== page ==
Saturday, October 18, 2008

Dwight Gooden vs. Rick Sutcliffe - 1984

What a better way to start off a Saturday than with analysis of the 1984 Cy Young Award race between Rick Sutcliffe and Dwight Gooden. While looking at Doc's Baseball-Reference page, I clicked on the 1984 Cy voting results and found that Sutcliffe was unanimous selection for 1st place that year. I eyeballed their stats and felt that Doc got screwed. I'm pretty sure he did, but let's take a look at the important statistics.

(Note: While even I acknowledge that the MVP Award should take certain other variables into account besides just straight up statistics, i.e. how well team performed, the player's position, performance in pennant race, etc., the Cy Young Award is as close to a "Who had the best statistics?" award as it gets. Also note that Sutcliffe was traded from the Indians to the Cubs on June 13th, in similar fashion to C.C. Sabathia this year. Only his NL stats count towards consideration for the NL Cy Young.)

ERA
Gooden - 2.60
Sutcliffe - 2.69

IP
Gooden - 218
Sutcliffe - 150.1 (granted Sut is at a disadvantage for pitching about 2/3 of the season, but why should Gooden have to suffer for this?)

WHIP
Gooden - 1.07
Sutcliffe - 1.08

K/9
Gooden - 11.39
Sutcliffe - 9.28

K/BB
Gooden - 3.78
Sutcliffe - 3.97

HR/9
Gooden - 0.29
Sutcliffe - 0.54

ERA+
Gooden - 137
Sutcliffe - 144

VORP
Gooden - 47.1
Sutcliffe - 31.2 (again, Sut is disadvantaged here, but again why should Gooden suffer)

Keep in mind no other NL starter is even close to these two for consideration. Bruce Sutter had a great year in relief, but Gooden and Sutcliffe each deserved the award more than he did. In my opinion, Gooden is the clear cut Cy Young Award winner for 1984. He was robbed. Doc had a lower ERA with 68 more IP, and beats Sut in just about every meaningful category except ERA+ and K/BB. The fact that Doc got zero first place votes is a joke. Sutcliffe won because his W-L record was 16-1 compared to Gooden's 17-9. However, I did some further research:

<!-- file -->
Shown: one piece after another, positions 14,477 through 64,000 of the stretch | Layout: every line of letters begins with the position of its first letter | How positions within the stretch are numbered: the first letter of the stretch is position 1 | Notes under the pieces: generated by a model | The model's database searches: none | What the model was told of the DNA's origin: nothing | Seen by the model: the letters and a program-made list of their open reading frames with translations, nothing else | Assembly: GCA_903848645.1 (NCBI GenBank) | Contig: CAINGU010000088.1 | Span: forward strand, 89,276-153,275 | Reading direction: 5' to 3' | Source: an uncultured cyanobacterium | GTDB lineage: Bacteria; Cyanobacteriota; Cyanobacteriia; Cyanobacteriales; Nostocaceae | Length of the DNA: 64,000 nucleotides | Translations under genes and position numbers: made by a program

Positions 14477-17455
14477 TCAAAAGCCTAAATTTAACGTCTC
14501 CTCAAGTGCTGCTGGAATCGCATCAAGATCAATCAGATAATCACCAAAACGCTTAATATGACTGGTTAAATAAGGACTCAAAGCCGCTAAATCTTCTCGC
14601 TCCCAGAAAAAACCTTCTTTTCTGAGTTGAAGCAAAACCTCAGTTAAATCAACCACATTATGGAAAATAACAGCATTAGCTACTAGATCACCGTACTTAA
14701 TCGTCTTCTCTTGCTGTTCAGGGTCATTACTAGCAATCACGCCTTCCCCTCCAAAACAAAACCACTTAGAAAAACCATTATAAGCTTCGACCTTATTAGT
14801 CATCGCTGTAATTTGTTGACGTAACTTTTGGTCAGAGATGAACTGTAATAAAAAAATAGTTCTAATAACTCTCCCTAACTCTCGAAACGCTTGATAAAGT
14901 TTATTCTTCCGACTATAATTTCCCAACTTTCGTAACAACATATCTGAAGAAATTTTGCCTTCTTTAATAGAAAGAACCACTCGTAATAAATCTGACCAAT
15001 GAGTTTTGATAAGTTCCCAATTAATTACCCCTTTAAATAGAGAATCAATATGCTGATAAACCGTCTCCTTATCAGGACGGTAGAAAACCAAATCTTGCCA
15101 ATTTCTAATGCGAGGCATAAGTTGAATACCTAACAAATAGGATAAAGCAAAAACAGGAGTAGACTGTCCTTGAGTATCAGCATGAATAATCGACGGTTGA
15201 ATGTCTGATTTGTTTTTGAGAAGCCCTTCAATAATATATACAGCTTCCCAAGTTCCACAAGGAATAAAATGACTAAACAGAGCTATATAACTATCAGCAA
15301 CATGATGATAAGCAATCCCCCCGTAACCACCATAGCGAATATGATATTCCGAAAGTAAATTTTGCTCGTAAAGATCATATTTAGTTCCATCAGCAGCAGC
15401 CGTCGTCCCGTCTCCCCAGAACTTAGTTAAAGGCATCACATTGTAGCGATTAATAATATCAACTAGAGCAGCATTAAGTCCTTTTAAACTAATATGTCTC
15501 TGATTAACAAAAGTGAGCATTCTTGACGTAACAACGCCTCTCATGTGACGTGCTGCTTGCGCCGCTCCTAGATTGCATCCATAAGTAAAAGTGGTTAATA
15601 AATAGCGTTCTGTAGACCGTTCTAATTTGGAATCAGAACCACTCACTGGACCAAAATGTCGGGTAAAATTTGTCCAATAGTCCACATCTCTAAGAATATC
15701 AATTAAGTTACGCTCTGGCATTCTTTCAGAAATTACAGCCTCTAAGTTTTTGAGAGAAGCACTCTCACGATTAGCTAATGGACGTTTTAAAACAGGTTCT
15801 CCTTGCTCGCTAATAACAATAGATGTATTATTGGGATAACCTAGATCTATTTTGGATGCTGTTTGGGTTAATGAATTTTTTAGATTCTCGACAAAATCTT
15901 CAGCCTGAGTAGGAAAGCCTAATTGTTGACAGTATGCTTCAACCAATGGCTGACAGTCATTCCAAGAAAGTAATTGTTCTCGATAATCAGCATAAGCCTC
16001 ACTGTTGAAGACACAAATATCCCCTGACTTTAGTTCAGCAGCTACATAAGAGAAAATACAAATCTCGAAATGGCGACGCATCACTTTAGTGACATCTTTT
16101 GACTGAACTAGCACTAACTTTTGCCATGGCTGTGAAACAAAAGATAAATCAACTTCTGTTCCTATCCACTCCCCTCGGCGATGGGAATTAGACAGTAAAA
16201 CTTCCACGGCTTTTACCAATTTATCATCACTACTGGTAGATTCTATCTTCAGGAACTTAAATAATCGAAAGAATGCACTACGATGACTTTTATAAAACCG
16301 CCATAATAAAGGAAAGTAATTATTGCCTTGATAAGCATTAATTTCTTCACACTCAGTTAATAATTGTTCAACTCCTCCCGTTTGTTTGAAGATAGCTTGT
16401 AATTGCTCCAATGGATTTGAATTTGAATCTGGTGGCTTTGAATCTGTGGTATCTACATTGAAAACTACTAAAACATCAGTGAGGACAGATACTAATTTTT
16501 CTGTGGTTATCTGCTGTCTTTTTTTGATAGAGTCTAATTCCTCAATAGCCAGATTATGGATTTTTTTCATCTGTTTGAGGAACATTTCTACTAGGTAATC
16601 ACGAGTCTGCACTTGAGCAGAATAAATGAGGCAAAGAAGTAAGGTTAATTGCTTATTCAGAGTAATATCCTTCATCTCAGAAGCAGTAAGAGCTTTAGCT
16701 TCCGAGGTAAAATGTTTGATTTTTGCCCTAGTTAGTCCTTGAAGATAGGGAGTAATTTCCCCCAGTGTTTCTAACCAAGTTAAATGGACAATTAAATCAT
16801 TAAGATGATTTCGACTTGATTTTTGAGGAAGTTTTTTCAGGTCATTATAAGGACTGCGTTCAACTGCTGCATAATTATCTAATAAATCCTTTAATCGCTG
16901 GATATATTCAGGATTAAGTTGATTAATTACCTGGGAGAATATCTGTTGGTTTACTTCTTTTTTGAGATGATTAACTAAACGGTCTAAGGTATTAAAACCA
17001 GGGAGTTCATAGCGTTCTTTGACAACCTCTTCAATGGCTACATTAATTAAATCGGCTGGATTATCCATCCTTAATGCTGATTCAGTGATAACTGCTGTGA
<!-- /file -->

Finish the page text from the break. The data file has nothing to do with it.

Run Support
Gooden - 3.76/game
Sutcliffe - 5.55/game

Perhaps their W-L records had something to do with the Cubs scoring almost 2 full runs more per game during Sutcliffe's starts? Just a thought 1984 voters!! It remains to be seen if 2008 voters will value C.C. Sabathia's 1/2 season performance for the Brewers as they did Sutcliffe's. My guess is no, and the award will go to Tim Lincecum or Johan Santana.

3 comments:

Mike Newman said...

Doc's season was one of the greatest in the modern era. If I remember correctly, Sutcliffe won because he went something like 16-1 after being dealt to the Cubs and carried them into the playoffs on his back. His raw numbers were secondary.

weesle909 said...

Agree with MN. Sutcliff won because of what he did for his team - not for raw stats. Maybe not fair for Gooden.

Have to say that Time magazine cover was sad. Reminded me of what Doc could have been... I remember how good he was.

Mets Tailgate said...

Mike is right - Sutcliffe won because his W-L record was 16-1 compared to Gooden's 17-9. This probably had a little to do with the fact that the Cubs scored almost 2 full runs more for Sutcliffe than the Mets did for Gooden. I covered it in the last couple paragraphs of the post - further evidence why W-L record for pitcher's is a nearly worthless stat.

Weesle,
You say Sutcliffe won "because of what he did for his team." I argue that what Gooden did for his team was superior. He was a better pitcher than Sutcliffe, regardless of how many runs his team scored or how good his bullpen was. The award goes to the best pitcher in the league - not the best pitcher in the league on a playoff team.

Check out these games Doc pitched in 1984, which ended in a no-decision or a loss for him:
7 IP, 2 H, 0 ER, 1 BB, 10 K
7 IP, 4 H, 1 ER, 3 BB, 7 K
9 IP, 2 H, 1 ER, 5 BB, 7 K
9 IP, 5 H, 2 ER, 1 BB, 11 K
9 IP, 4 H, 1 ER, 2 BB, 11 K
8 IP, 7 H, 1 ER, 0 BB, 16(!) K

How much fun is it to discuss postseason awards from 24 years ago? I could do it all day...